Mithra-ndir: Gandalf and the Roman cult of Mithras.
J.R.R. Tolkien described The Lord of the Rings as a fundamentally Catholic work. But a close reading of the epic novel reveals many more influences, including a connection between Mithras and the wizard Gandalf, whose Elvish name is Mithrandir.
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From Writing funny stuff on ammo is over 2000 years old:
Know those great photos of World War II crews painting bombs with messages like “Easter Eggs for Hitler” or “To Mussolini, with Love”? It turns out,
your ancestors have been doing that for over 2,000 years, because the British Museum has sling shot from 300 B.C. where missileers were
telling the enemy to “Catch!” their shot.
The British Museum has a good example.
“Catch” is one of the tamer examples. From Humorous Inscriptions on Lead Sling-Bolts (Sling Bullets; Slingshot) Reflect a Roman War of Words:
Some NSFW examples follow
Some quotes from The Fall of the Roman Empire: A New History of Rome and the Barbarians, by Peter Heather.
“…this book will argue that the view that Rome’s own internal transformations had so weakened it by the fourth century that it was ready to collapse under its own weight in the fifth, has become unsustainable. The roots of fifth-century collapse must be sought elsewhere.” [pp. 14-15]
“‘What we call the fall of the Roman Empire was an imaginative experiment that got a little out of hand.’ You can only argue this, it seems to me, if you don’t let narrative history dirty your hands. Any attempt to reconstruct fifth-century events brings home just how violent the process was. In my view, it is impossible to escape the fact that the western Empire broke up because too many outside groups established themselves on its territories and expanded their holdings by warfare.” [p. 436]
“All the evils identified in the western system applied equally, if not more, to the eastern. If anything, the Roman east was more Christian, and more given to doctrinal argument. Also, it operated the same kind of governmental system over the same kind of economy. Yet the east survived, when the west fell. This alone makes it difficult to argue that there was something so inherently wrong with the late imperial system that it was bound to collapse under its own weight.” [pp. 443-444]
This reminded that I had seen a similar argument in Arther Ferrill’s The Fall of the Roman Empire: The Military Explanation. As I noted in my Amazon review of that book:
“There is a lot of nonsense in circulation about the Fall of the Western Empire. Ferrill gets past all of it by starting from one obvious but often neglected criterion: Any explanation of the Fall of the Western Roman Empire must also account for the survival of the Byzantine East.”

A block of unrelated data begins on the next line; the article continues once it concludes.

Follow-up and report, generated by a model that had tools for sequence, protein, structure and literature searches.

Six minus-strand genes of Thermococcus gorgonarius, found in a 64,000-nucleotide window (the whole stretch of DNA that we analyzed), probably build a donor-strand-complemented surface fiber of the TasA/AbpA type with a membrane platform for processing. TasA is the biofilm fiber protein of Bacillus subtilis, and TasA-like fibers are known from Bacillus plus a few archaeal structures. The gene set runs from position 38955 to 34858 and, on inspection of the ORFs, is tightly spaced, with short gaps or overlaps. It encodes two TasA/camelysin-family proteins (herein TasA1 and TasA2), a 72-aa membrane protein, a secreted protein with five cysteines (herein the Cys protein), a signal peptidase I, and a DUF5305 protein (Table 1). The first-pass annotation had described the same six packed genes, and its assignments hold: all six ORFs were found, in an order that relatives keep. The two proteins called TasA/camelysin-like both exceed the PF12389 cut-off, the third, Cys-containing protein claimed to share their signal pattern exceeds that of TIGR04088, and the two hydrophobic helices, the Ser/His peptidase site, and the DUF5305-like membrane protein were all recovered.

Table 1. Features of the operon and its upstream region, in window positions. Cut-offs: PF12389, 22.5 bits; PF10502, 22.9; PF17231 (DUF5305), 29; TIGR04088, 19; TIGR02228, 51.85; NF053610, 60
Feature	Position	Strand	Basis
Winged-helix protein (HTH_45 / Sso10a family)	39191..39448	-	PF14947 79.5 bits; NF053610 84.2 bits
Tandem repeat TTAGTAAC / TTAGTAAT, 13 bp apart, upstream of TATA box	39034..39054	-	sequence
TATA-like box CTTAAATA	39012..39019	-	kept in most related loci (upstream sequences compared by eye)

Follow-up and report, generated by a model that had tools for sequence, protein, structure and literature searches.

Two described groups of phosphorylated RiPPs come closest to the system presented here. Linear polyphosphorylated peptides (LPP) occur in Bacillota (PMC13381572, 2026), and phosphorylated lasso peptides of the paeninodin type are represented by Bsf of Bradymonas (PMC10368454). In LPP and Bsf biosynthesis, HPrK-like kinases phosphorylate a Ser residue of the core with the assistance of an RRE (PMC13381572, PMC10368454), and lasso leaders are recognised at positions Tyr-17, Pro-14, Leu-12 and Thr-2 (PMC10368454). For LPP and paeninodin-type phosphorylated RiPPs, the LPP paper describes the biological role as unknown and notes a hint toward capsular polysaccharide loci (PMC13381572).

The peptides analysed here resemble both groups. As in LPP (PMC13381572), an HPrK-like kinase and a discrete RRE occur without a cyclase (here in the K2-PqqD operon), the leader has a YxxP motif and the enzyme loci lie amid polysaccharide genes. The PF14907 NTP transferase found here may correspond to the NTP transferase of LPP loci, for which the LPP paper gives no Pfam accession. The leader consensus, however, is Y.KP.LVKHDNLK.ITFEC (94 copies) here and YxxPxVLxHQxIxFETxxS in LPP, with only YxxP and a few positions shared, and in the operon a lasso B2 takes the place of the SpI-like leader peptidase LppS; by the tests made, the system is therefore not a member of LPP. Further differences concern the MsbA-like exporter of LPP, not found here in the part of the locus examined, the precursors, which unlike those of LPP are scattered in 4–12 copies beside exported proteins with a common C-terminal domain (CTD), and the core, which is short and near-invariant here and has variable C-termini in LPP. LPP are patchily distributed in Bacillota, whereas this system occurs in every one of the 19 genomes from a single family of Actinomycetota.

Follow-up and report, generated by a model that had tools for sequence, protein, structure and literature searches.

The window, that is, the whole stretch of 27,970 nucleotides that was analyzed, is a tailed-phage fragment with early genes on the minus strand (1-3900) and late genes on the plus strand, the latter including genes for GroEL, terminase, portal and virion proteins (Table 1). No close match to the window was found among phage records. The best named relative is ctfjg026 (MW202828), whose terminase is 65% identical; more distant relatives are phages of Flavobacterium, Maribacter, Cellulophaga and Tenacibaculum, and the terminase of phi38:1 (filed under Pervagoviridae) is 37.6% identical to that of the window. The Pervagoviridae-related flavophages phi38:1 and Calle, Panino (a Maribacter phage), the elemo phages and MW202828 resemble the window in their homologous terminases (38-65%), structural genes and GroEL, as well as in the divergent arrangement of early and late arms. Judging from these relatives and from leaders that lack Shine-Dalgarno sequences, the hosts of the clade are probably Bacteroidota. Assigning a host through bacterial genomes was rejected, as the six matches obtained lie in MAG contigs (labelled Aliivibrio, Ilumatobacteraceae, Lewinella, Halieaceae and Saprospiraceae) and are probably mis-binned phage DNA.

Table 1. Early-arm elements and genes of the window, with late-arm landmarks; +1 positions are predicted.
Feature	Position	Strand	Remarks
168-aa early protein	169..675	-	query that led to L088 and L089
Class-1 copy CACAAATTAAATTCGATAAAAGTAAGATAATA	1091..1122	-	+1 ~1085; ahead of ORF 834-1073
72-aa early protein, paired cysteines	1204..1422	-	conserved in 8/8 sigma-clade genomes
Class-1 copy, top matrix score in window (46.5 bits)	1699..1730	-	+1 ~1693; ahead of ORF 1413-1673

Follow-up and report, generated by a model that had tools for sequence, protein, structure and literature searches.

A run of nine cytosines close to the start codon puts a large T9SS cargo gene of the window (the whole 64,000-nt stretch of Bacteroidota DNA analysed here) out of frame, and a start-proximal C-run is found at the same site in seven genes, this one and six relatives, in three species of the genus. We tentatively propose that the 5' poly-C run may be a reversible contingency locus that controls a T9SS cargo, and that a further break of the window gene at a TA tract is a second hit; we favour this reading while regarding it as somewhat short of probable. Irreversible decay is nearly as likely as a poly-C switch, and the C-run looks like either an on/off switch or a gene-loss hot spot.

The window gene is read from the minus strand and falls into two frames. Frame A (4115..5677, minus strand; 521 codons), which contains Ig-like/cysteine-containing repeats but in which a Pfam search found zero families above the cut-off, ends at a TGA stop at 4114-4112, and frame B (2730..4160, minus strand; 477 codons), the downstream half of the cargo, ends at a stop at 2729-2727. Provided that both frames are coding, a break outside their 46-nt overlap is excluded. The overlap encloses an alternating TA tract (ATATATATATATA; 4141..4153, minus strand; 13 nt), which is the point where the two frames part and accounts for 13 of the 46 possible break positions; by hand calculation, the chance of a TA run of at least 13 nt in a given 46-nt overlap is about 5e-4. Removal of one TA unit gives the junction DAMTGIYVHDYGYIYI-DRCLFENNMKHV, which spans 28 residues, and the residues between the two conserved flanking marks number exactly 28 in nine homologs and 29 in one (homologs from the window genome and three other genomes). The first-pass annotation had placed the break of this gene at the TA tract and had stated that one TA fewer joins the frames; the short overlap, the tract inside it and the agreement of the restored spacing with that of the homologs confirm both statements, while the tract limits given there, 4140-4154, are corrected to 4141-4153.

Acts 18:12-17 reads (NRSV):
12 But when Gallio was proconsul of Achaia, the Jews made a united attack on Paul and brought him before the tribunal.
13 They said, “This man is persuading people to worship God in ways that are contrary to the law.”
14 Just as Paul was about to speak, Gallio said to the Jews, “If it were a matter of crime or serious villainy, I would be
justified in accepting the complaint of you Jews;
15 but since it is a matter of questions about words and names and your own law, see to it yourselves; I do not wish to be
a judge of these matters.”
16 And he dismissed them from the tribunal.
17 Then all of them seized Sosthenes, the official of the synagogue, and beat him in front of the tribunal. But Gallio paid no
attention to any of these things.
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Beheaded Syrian scholar refused to lead Isis to hidden Palmyra antiquities
He was a world-renowned scholar of antiquities, enchanted into his old age by Syria’s fabled city of Palmyra, which he called among the most beautiful in the world.
Not far from the spectacular Roman ruins he had spent decades safeguarding, 82-year-old Khaled Asaad met a brutal end at the hands of the militants of Islamic State, relatives and colleagues said Wednesday.
Asaad, the retired director of Palmyra’s antiquities and museum, was publicly beheaded Tuesday in a main square of the modern-day Syrian city of Tadmur, adjoining the ruins, according to a monitoring group and Syria’s antiquities chief. His executioners publicly displayed the bloodied corpse, they said.
A Saucy Roman History Book
We have Commodus killing animals (classical serial killer behaviour), and then getting himself strangled by a wrestler in a bath. We have Caracalla who allegedly enjoyed incest with his mother and certainly had his brother killed at a meeting arranged by this quondam lover: worst of all he wore a hood and a blonde wig and he gave Maximus several jobs. Macrinus got Caracalla’s mother to starve herself to death and then got himself killed in a temple. Then, best of all, what fun Suetonius would have had, there was Elagabalus ,,,, more Eurovision performer than Roman emperor. He divorced five women in his short life, married two men, worshipped a meteorite and used to hold competitions to see who could pimp themselves for the most money in the Imperial palace. He naturally took part.